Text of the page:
But for every stone with a worm underneath, there are lots and lots that are wormless. If you want to know what your options are, you have to find many contacts and be willing to pick up the phone to total strangers to ask them about their jobs. Although to the introverted this might sound like torture, it actually isn't too bad. I have never encountered anyone who doesn't want to talk about their own career. Almost the opposite—people love talking about themselves and your phone call might well be their perfect excuse to avoid going to some really tedious team meeting.
You can make stage 1 run more smoothly by searching in the most likely places first. If you have thought about a career in the city you need to talk to some people who have made careers in the city. If it's medicolegal law, find yourself a medicolegal lawyer. If you want to be an entrepreneur, find an entrepreneur.
The reason that stage 1 is difficult is that the more people you talk to, the more complex the “how do I do it?” issue becomes. Many people believe that there is just one route to a job outside the NHS—like getting a specialist registrar post. Jobs are advertised, you prepare a curriculum vitae, and you go to an interview and sell yourself. That's sometimes true, but often jobs don't appear in the same way as they do in the NHS. Entry positions are often controlled by specialist headhunters, and jobs may not be advertised in places you might predict, if at all.
Most corporations (including city firms, drug companies, and blue chip employers) retain headhunters to help them with search and selection. Graduate level employees at big companies are normally recruited (by the companies themselves) at careers fairs; anything above this is usually outsourced. Headhunters are an integral part of the searching stage.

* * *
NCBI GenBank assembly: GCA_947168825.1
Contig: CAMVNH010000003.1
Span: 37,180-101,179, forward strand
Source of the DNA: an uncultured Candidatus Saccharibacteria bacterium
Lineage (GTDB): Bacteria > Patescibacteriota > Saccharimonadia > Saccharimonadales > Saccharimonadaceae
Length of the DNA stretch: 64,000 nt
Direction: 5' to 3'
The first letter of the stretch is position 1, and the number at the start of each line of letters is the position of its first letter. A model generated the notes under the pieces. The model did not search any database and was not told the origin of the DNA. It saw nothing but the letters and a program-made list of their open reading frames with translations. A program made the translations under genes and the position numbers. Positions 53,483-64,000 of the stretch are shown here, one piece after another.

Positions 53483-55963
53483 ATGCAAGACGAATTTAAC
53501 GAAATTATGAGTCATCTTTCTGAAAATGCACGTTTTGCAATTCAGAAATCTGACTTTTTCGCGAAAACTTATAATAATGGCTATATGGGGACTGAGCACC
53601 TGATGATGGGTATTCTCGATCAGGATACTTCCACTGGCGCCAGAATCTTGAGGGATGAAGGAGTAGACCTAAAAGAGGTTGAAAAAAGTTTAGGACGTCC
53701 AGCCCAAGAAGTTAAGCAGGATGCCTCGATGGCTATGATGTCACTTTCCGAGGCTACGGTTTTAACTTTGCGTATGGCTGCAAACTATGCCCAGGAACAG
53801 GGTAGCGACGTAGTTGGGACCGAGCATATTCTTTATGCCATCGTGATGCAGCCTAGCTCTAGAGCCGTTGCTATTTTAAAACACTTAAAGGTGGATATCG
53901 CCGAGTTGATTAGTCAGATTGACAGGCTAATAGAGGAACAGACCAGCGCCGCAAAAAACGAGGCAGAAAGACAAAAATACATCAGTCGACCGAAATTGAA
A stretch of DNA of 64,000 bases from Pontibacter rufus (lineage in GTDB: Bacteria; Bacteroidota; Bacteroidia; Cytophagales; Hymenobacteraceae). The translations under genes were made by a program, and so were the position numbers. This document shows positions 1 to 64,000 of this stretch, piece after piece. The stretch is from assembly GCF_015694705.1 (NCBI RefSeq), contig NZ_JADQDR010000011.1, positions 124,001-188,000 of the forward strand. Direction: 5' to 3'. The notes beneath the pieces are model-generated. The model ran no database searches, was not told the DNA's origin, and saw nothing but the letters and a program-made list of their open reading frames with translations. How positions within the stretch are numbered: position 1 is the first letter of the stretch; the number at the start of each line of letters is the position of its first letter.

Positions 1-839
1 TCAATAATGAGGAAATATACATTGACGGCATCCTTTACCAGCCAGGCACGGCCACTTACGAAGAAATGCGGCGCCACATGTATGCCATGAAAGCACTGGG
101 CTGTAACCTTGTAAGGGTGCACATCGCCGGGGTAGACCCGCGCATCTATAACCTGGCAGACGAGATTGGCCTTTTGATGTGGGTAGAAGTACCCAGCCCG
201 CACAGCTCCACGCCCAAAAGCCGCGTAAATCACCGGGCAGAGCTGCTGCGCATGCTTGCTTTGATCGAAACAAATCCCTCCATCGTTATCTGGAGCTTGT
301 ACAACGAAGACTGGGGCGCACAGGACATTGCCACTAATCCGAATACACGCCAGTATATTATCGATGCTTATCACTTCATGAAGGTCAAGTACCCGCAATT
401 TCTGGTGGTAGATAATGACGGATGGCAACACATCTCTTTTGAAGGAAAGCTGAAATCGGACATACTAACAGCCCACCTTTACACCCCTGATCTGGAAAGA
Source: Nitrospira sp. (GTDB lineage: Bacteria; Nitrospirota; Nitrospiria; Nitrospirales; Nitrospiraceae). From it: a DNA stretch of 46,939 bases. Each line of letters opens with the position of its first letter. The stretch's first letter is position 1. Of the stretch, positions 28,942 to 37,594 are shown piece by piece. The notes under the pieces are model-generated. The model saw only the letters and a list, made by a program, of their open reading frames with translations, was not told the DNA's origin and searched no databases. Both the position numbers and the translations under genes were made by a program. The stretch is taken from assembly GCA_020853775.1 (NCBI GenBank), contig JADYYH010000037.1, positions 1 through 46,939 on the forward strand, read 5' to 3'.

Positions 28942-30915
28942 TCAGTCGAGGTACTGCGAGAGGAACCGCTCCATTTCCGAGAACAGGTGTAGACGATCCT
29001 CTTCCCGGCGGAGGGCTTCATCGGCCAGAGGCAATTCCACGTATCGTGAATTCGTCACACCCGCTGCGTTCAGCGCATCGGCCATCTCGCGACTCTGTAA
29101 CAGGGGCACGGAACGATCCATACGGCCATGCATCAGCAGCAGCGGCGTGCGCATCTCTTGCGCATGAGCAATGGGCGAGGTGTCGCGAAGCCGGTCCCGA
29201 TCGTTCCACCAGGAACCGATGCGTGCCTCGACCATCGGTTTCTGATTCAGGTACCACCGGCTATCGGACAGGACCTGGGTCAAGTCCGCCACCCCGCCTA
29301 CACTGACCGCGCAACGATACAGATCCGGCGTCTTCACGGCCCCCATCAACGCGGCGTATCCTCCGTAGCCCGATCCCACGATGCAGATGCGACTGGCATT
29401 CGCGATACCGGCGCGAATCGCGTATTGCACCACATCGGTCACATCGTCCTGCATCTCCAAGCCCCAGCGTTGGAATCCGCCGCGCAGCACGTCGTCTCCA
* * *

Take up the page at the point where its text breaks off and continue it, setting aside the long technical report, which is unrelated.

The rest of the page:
Headhunters aren't there primarily to help you. They are in the service of the employers and work solely for them. They keep what are incredibly lucrative contracts only by finding good candidates for vacant posts. And for their services they typically take a fee of a third of your first year's salary (if you stay in the job for six months or more). But they can operate only if they have high quality candidates to put forward to the employers, and therefore they can be a huge help to you.
The first service headhunters can provide is giving you an idea of what comes across their desks: types of jobs, salaries, what's entailed, and what kind of candidates are successful. They can put you forward for a job, and they can act as a go between and negotiate your salary, which can reduce tensions with your prospective employer even before you start work. The good thing is that because they are paid by the employers none of this costs you anything, except determination and time.